By Marcus Samuelsson
I'm always impressed when a chef pushes their boundaries.Â It's not enough to be comfortable and complacent where you are, if thing's are working, and things are good, then look to what's next.Â And especially, when things are bad, it can be inspirational to think about the light at the end of the tunnel.Â That's exactly what Grant Achatz, chef of Alinea did, when diagnosed with oral cancer in 2007.
He and his business partner, Nick Kokonas, devised a plan for a new restaurant based, where the menu and entire concept change every three months.Â Now, Achatz has healed, and he and Kokonas are prepared to open Next, which will first transport diners to France in the early 20th century.Â It won't stay there for long - you could eventually dine and Next and get a taste of the Hong Kong of the future, or the exact day that Achatz started working at the French Laundry.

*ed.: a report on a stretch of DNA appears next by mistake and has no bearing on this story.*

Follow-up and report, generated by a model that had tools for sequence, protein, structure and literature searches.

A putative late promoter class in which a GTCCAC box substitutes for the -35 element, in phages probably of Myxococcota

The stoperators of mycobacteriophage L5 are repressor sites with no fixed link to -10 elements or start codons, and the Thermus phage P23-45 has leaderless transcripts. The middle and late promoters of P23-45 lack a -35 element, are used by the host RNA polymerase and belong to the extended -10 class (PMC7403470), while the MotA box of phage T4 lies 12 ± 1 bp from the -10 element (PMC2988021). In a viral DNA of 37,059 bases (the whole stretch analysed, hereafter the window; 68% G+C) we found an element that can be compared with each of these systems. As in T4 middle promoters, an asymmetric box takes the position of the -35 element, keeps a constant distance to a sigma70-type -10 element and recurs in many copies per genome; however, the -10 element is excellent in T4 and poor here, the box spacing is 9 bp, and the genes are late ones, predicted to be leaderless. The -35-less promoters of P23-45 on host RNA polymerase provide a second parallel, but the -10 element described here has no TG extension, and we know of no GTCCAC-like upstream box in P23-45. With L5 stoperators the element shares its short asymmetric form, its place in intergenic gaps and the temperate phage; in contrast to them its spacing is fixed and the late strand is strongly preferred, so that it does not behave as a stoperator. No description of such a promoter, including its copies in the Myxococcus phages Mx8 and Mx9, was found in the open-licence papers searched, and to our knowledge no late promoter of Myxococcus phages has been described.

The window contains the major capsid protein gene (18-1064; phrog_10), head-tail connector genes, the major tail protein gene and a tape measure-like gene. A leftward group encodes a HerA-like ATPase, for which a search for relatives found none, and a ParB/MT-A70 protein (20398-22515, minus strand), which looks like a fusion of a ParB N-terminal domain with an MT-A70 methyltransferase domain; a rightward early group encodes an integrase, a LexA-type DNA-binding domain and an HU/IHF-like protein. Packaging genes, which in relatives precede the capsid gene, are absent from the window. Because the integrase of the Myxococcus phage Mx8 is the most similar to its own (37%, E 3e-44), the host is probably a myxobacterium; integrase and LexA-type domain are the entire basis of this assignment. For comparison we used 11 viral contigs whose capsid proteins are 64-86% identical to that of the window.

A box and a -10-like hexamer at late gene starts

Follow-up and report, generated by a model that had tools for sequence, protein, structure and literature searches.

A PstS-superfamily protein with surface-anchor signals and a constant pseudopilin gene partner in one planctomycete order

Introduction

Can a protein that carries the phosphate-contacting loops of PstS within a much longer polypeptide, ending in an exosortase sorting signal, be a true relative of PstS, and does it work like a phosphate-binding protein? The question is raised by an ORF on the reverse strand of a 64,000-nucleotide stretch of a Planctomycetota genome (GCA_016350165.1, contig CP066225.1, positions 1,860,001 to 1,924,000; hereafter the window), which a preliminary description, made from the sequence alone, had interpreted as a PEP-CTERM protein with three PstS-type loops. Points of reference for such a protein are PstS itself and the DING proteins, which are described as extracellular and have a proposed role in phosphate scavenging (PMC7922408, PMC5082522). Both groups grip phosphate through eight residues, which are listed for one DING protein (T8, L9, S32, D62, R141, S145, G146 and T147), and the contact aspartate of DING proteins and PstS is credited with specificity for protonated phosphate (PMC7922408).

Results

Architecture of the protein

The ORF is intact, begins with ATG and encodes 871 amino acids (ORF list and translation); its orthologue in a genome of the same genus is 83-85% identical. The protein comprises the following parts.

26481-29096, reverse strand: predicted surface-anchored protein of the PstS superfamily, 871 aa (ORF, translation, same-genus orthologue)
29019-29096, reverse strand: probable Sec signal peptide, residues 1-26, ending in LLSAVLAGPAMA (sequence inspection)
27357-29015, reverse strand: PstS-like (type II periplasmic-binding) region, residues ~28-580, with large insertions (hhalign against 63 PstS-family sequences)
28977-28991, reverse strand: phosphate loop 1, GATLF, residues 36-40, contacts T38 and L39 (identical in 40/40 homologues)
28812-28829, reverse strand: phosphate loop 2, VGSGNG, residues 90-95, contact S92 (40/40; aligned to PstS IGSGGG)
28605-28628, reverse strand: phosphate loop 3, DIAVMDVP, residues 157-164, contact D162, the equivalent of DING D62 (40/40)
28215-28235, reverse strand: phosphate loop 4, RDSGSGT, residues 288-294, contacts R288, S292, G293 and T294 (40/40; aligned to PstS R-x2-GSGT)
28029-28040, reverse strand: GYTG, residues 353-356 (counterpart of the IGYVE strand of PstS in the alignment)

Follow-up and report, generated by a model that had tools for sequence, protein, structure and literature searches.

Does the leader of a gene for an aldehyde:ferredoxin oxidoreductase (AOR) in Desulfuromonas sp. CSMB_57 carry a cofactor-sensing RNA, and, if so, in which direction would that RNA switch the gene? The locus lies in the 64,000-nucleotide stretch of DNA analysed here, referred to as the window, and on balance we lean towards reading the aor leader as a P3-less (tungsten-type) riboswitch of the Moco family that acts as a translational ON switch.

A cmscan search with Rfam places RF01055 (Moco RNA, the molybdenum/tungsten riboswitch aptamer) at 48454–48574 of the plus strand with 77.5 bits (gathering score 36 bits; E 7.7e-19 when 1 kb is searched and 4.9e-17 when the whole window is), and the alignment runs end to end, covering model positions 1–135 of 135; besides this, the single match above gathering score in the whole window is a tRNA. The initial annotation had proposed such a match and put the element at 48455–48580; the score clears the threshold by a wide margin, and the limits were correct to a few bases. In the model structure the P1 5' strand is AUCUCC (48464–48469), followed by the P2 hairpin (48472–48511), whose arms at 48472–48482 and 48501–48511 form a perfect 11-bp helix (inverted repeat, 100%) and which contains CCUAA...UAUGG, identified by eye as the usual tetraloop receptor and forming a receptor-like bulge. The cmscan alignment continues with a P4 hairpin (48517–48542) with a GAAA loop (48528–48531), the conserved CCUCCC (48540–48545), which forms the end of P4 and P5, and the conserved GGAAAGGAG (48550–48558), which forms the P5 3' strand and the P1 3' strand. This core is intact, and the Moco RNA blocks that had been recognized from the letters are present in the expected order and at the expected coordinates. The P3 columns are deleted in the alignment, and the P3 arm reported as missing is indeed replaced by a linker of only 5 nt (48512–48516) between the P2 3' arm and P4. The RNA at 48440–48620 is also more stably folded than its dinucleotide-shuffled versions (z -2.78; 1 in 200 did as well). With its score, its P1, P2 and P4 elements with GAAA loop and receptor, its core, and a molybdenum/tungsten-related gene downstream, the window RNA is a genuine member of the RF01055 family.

The first salvo of the restaurant is based on Paris in 1906.Â Don't be dismayed about eating a meal based on that time, it was the golden era of Parisian cuisine.Â Escoffier's "Le Guide Culinaire" was first published in 1903, a cookbook that revolutionized French cooking, but whose legacy has "barely been tasted in living memory."
I'm really excited to see how Next turns out.Â It should be a delicious and inspiring adventure.Â Best of luck to Mr. Achatz.Â I'm sure it will be a thrilling ride. Read more here.